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Tuesday, 31 May 2016

Macbeth, as it is clearly meant to be

Ian Lake as Macbeth (foreground); Michael Blake as
Macduff (background). Photo by David Hou
Macbeth, by William Shakespeare
Directed by Antoni Cimolino
Designed by Julie Fox, Michael Walton (Lighting), Thomas Ryder Payne (sound)
Featuring Ian Lake, Krystin Pellerin, Michael Blake

Macbeth is probably one of the most often-performed plays in the Shakespeare canon; it’s tale of over-reaching ambition lends itself to modern audiences who hear every day of one or another corrupt politician. But what defines Antoni Cimolino’s production, which opened last night at the Stratford Festival, is not greed and power – this production is quite simply, and quite effectively, a ghost story.

The account of Macbeth’s rise and fall from power should be terrifying; after all, it has witches, demons, bloody ghosts, murder, madness, and woods that walk at night. The word “unnatural” is repeated in various ways in nearly every scene, and that is the story that Mr. Cimolino gives us; a spooky, unnatural tale, full of haunting light and sound effects. Ironically, this is probably the most natural way to tell this story.

Brigit Wilson, Deidre Gillard-Rowlings and Lanise Antoine Shelley
as the Three Witches. Photo by David Hou
The play begins and ends with the witches, performed by Deidre Gillard-Rowlings, Lanise Antoine Shelly and Brigit Wilson. A hag, a shaman and a wild woman, they are an especially ominous trio who act as one; they spin a web and watch who gets caught in it, and one is left with the distinct impression that this is not the first time they’ve amused themselves in this fashion.

In this production the witches web is laid in such a way as to ensnare a man of action, and that is what Ian Lake gives us in his portrayal of Macbeth. His Macbeth is a soldier who leaves the introspection to others; he is not overly tactile (even, notably, with Lady Macbeth), his soliloquys are delivered with deliberate haste, and he is at his most effective when battling his outer demons and enemies. Then, the audience understands why this man has made a career of violence, why he is a formidable soldier, and why men are quick to call him a tyrant.

Kristin Pellerin and Ian Lake as
Lady Macbeth and Macbeth. Photo by
David Hou.
As Lady Macbeth Krystin Pellerin gives us is the perfect mixture of power-lust, deceitfulness and vulnerability. We see a Lady Macbeth who is outwardly sweet to her guests, and who is quietly, scarily corrosive with her husband – though there is very little chemistry to work with there.  Best of all, in the famous ‘sleepwalking’ scene, Ms. Pellerin gives us the portrayal of a women who is staring into the abyss and is utterly incapable of either breaking away or grasping its finality. It is hard to imagine this scene being done any better.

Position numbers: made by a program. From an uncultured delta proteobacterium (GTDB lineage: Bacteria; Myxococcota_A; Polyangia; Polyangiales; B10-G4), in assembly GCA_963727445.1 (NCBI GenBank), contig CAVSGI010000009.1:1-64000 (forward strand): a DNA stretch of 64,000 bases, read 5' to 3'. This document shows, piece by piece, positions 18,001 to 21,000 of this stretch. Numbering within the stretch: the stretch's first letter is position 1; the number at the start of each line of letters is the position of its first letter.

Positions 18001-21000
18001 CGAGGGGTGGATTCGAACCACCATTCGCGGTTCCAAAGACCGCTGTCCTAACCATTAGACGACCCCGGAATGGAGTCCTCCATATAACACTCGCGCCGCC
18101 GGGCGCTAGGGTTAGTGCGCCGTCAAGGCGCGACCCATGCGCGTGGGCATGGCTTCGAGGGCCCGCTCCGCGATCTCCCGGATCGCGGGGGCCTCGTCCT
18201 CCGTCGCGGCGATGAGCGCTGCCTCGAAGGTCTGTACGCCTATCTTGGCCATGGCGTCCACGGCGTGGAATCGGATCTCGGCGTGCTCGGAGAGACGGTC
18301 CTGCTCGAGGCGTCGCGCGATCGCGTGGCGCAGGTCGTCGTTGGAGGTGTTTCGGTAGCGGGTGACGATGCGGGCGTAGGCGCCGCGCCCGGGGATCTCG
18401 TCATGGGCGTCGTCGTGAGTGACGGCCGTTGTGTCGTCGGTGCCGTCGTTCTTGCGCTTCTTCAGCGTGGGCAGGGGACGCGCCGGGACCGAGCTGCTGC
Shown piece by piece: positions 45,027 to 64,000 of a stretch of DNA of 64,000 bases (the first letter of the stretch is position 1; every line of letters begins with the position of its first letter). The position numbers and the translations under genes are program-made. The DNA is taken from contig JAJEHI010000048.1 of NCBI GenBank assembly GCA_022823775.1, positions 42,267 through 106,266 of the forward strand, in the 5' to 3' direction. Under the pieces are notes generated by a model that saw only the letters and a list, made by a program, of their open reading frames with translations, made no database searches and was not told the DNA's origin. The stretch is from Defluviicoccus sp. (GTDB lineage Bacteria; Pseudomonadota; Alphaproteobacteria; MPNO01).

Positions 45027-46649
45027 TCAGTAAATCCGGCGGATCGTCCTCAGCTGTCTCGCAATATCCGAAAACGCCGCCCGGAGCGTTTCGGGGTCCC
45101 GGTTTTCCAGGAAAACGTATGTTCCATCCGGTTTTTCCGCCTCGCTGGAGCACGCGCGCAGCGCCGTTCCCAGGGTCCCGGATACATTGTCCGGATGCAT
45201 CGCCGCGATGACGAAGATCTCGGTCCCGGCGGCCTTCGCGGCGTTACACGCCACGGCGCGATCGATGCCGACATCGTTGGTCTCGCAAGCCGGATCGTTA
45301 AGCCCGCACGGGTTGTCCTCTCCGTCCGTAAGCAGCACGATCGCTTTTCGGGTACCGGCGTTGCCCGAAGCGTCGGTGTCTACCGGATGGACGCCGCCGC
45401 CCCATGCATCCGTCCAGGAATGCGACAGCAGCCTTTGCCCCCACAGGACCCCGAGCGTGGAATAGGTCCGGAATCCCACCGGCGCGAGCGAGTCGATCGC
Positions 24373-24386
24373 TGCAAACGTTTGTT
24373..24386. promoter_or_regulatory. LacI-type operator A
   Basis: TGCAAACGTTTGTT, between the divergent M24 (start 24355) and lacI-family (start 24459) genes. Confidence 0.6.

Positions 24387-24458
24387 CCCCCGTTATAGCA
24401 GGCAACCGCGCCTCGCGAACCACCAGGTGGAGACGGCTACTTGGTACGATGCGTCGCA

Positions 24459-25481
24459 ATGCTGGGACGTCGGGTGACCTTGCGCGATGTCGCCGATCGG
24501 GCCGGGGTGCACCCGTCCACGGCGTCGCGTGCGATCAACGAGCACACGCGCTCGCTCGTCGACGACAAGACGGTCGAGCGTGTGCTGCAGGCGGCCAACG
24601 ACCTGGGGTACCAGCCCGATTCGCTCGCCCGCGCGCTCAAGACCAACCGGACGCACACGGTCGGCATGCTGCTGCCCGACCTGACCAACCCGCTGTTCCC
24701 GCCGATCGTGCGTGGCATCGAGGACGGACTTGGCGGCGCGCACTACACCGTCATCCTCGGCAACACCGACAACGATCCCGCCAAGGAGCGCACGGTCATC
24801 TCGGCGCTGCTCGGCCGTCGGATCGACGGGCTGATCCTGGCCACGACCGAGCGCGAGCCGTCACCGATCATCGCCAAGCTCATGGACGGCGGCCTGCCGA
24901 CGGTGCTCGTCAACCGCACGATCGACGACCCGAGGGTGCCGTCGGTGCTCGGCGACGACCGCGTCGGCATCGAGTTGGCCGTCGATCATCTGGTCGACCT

Of the supporting cast, Michael Blake as Macduff continues to impress; he has an aura of authority which gives the ill-fortuned Macduff weight and dignity that this important character often lacks. Scott Wentworth shows what immense experience can bring to a role like Banquo, and points to Antoine Yared for making Malcolm’s odd debate with Macduff nearly intelligible.

Michael Blake as Macduff
Director Antoni Cimolino, who has become renowned for his ability to give his productions a clear vision from start to finish, has not quite closed the circle with this production of Macbeth. He sets up some very excellent frameworks – for instance, his is a very Catholic Scotland, making the dominance of the witches all the more interesting and perilous for the souls therein; and Banquo’s family and the Macbeths are obviously quite close - there are many protective and affectionate hugs and shoulder claps, especially from Banquo’s young son Fleance (Declan Cooper) – making Macbeth’s betrayal all the more despicable. However, the production doesn’t feel as complete, as comprehensive as his past Shakespeare stagings (most notably The Merchant of Venice from two years ago).  That being said, this is still the most authentic version of Macbeth one is ever likely to see.

Macbeth continues in repertory at the Festival Theatre until October 23.


  1. This comment has been removed by the author.

  2. The play DOES NOT begin with the witches. It begins with a battle scene. Sheesh.

  3. Alison A: Yes, there is a short battle at the top of the production. However the play is framed by the witches - that a battle scene begins the action matters not. ~RLG


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